Sunday, March 11, 2012

Songs Are More Than Poems With Melodies

As you may have noticed, I'm a big fan of lyrics.  I have always loved the way words work together. They way the sound, the way they feel, the way they taste.  This started as a love of poetry when I was a kid.  When I was in 7th grade we had to memorize one of three Robert Frost poems.  They were "Fire and Ice", "The Road Not Taken" and "Stopping By Woods On A Snowy Evening". Each was worth a different amount of points which, looking back, doesn't make sense because the last two are the same length.  Anyway, we had some ridiculous amount of time to memorize one of them and recite it to the class.  I came back on Monday and with all three of them memorized, which kind of irritated my teacher, as I recall, but it gave me a crap ton of bonus points.  I have known many, many people in all my years in school that hated poetry, but I just don't get that.  Where else do words dance and play and get along as well as in poems?

Well in songs, of course!  Obviously songwriters are poets, that goes without saying.  But I think they're so much more than that.  They are able to elevate a mere poem to the level of a song.  They infuse it with magic and marry it to a melody and make it infinitely better.  I can write a poem, I have in fact written several, but I've never written a song. I wouldn't know where to begin to make sense of the process.  A poem can be anything, it doesn't have to conform to any rule (unless of course it's haiku or a sonnet or whatever), but what I'm saying is that it stands alone.  It can look and sound however the author wants it to.  But with a song, the words either have to fit existing music or music has to be written to fit existing words - are both ever written at once?  Either way, the two things have to get together and work together to become better.   Simply put, a song is greater than the sum of it's parts.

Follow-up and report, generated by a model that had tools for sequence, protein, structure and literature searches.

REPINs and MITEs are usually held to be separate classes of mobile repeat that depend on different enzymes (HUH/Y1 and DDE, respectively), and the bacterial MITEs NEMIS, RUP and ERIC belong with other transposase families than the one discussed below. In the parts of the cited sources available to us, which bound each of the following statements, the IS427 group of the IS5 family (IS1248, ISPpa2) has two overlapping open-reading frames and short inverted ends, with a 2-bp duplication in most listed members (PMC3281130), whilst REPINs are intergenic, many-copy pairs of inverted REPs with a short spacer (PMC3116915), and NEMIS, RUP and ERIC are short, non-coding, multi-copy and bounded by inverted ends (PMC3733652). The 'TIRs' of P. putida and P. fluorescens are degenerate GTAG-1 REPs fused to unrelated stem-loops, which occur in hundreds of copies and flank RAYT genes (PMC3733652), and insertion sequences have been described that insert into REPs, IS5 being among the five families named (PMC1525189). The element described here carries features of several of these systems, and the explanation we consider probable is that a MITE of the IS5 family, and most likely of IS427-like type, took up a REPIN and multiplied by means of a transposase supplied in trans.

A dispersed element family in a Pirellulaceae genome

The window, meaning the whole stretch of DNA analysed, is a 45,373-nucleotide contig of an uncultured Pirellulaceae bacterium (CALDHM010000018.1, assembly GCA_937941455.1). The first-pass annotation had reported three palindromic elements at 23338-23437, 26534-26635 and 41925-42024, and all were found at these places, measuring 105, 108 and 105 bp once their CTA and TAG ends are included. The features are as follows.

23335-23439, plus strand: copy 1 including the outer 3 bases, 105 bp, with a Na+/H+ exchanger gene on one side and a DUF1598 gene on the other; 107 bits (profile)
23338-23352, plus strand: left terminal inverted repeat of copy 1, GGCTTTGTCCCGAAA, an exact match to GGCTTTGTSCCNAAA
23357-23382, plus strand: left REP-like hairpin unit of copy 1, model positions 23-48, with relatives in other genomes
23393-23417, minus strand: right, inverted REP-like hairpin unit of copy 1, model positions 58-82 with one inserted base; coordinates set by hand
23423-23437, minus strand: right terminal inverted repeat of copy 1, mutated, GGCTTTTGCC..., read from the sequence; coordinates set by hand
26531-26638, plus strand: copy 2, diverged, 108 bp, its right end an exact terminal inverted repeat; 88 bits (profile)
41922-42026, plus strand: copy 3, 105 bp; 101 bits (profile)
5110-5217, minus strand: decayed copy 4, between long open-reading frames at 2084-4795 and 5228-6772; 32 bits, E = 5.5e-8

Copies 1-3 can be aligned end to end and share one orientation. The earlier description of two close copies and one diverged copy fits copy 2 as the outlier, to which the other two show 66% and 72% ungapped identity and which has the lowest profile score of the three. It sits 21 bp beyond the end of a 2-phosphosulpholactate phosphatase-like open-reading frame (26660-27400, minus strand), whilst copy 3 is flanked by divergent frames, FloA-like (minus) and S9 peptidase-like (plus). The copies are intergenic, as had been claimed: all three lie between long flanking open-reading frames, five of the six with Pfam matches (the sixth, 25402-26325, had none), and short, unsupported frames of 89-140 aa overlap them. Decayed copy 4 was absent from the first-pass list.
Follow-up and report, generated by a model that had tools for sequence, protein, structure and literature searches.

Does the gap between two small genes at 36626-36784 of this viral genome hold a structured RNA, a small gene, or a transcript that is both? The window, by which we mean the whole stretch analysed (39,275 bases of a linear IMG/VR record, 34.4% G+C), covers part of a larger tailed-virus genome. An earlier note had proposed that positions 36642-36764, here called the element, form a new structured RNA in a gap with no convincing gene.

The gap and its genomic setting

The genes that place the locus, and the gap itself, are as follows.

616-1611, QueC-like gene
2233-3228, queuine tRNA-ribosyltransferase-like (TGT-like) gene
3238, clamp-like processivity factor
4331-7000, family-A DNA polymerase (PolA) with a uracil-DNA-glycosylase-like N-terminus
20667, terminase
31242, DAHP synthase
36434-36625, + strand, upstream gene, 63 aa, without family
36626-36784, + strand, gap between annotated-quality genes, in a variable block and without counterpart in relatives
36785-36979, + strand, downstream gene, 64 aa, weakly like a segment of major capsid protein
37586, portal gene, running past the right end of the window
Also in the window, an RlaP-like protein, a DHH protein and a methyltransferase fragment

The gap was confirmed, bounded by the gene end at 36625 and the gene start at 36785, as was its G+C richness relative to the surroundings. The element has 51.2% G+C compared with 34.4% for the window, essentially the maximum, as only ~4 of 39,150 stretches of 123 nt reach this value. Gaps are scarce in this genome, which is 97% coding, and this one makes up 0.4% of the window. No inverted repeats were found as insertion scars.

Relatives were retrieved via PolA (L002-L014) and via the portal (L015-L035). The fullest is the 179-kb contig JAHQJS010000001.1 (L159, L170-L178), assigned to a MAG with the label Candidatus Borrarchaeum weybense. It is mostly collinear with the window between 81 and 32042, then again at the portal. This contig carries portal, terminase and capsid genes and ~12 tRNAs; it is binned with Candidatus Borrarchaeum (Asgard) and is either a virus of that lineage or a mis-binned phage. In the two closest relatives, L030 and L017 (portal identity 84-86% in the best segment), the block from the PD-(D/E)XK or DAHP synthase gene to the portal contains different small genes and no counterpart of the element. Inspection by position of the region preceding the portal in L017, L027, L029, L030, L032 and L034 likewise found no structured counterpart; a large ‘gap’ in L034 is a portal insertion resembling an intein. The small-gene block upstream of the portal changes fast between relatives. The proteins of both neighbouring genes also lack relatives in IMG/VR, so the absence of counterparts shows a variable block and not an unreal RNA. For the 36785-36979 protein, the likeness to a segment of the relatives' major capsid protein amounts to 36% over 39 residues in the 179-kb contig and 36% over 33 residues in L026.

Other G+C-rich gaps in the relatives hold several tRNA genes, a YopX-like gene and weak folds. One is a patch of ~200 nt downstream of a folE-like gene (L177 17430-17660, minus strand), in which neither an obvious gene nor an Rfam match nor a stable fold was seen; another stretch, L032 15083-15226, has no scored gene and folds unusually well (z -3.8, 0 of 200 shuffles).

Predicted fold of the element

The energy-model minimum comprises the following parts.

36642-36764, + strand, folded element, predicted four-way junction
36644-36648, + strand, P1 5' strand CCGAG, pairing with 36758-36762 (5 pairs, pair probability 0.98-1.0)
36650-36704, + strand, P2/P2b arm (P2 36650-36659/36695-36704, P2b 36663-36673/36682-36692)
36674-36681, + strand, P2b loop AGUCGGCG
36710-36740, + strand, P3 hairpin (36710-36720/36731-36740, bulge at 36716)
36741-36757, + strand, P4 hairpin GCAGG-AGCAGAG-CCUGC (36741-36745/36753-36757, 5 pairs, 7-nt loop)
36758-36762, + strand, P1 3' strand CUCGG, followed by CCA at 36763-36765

No comments:

Post a Comment